Menu Close

Tag: vegetarian

Jumping on the Veganuary Bandwagon…in February!

For the second half of January, I (Tamara) took to my bed with the flu in a manner befitting Austen’s Jane Bennet. To my chagrin, this lingering lurgy put a dampener on my plans for a Veganuary Pompey Crawl.

Fortunately, as there’s a myriad of vegan food options in Portsmouth available all year round,  I won’t have to wait until January 2020 to try some more vegan delicacies! I did manage a feeble outing to Two Doors Down where I gorged myself on their healing veggie and vegan Bao buns. A-bao-solutely delicious!!

My cunning plan is to force my Pompey vegan food crawl onto my friend when she next visits from Manchester. I have a restaurant or two or three in mind: Croxtons, The Southsea Village, Southsea Coffee and Paula’s Vegan Bakery in Gosport.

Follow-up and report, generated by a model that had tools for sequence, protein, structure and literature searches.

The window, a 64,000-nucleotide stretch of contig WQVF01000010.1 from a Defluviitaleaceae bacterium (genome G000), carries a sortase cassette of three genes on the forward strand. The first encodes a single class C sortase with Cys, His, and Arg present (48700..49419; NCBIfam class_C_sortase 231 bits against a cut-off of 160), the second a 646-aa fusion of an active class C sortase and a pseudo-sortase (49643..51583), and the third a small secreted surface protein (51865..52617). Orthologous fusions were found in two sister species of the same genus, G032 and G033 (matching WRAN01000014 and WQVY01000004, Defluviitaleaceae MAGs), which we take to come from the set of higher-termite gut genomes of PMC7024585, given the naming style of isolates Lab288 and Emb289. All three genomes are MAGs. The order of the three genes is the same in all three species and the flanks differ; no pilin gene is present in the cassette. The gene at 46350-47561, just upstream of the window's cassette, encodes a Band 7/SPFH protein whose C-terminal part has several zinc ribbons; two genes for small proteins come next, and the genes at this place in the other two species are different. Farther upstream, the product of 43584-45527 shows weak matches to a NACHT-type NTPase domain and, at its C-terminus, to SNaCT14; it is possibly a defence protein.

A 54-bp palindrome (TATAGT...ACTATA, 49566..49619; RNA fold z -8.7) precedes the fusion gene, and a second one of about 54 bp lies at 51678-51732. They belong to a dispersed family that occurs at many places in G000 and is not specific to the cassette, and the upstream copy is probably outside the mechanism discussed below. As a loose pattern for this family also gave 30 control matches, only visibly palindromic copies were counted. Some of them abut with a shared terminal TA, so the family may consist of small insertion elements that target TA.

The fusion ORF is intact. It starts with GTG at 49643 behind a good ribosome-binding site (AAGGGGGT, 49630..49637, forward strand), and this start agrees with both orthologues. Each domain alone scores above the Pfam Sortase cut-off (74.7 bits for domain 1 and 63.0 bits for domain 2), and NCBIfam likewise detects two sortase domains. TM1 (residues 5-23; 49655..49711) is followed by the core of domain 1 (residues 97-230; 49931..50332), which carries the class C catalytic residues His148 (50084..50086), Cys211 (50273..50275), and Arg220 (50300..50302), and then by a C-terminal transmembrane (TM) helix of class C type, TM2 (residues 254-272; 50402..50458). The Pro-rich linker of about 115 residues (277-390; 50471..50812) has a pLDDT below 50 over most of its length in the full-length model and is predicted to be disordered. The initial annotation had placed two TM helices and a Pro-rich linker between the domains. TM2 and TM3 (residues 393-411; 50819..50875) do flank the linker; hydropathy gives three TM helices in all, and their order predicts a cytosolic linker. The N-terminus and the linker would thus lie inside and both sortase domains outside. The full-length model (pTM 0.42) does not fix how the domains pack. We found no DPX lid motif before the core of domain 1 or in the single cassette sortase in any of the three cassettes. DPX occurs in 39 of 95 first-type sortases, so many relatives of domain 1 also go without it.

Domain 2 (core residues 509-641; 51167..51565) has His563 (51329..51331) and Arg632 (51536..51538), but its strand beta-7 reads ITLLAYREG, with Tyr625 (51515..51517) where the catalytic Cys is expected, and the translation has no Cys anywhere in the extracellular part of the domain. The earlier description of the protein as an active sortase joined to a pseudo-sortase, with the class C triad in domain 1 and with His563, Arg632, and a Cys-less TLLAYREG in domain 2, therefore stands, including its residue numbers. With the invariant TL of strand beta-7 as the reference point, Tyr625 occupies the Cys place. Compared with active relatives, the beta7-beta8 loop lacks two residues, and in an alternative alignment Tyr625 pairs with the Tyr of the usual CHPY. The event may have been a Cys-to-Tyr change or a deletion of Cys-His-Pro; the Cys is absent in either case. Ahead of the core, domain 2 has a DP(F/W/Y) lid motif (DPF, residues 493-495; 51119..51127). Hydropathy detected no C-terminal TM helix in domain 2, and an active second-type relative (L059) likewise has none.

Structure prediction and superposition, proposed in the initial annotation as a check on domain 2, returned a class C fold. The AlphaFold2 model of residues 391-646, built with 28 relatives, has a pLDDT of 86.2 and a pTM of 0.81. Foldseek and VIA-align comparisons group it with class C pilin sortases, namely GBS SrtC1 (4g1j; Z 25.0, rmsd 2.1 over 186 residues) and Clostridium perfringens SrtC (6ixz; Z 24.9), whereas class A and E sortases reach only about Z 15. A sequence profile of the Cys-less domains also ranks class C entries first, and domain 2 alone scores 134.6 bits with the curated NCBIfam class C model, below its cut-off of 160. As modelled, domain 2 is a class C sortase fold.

View this post on Instagram

Wonderful time in a wonderful place #victoriousfestival

A post shared by Jessie ET (@teethingpains) on

Meet Jessie, a vegan-ish

My Pompey vegan food crawl will be with the lovely Jessie, my friend and ex-housemate. Jessie tried out veganism last year, for Veganuary 2019, going straight from being a meat-eater to eating only plant-based meals.

A year after her Veganuary experiment, Jessie continues to eat plant-based and meat-free, as a vegan-ish. I am super impressed as when we were housemates, this was a girl whose dinners used to be the simple fare of grilled chicken or salmon with vegetables.

I spoke to her about this massive change in her eating, her holiday food caveat and why she considers herself to be a flexitarian.

Jessie, welcome! Introduce yourself to the People! How are you linked to Pompey?

Coming from London, I worked in a small dental practice in Drayton (I am a dentist) and lived close to the seafront just off Bransbury Park. I found Pompey to just be everything I wanted. There’s much going on; the seaside, eating, shopping, nights out, sporting events, nature …. recycling. (Who knew there was so much to know about recycling and being sustainable!)

(As we were housemates during your time in Portsmouth, I take full credit for your recycling revelations! )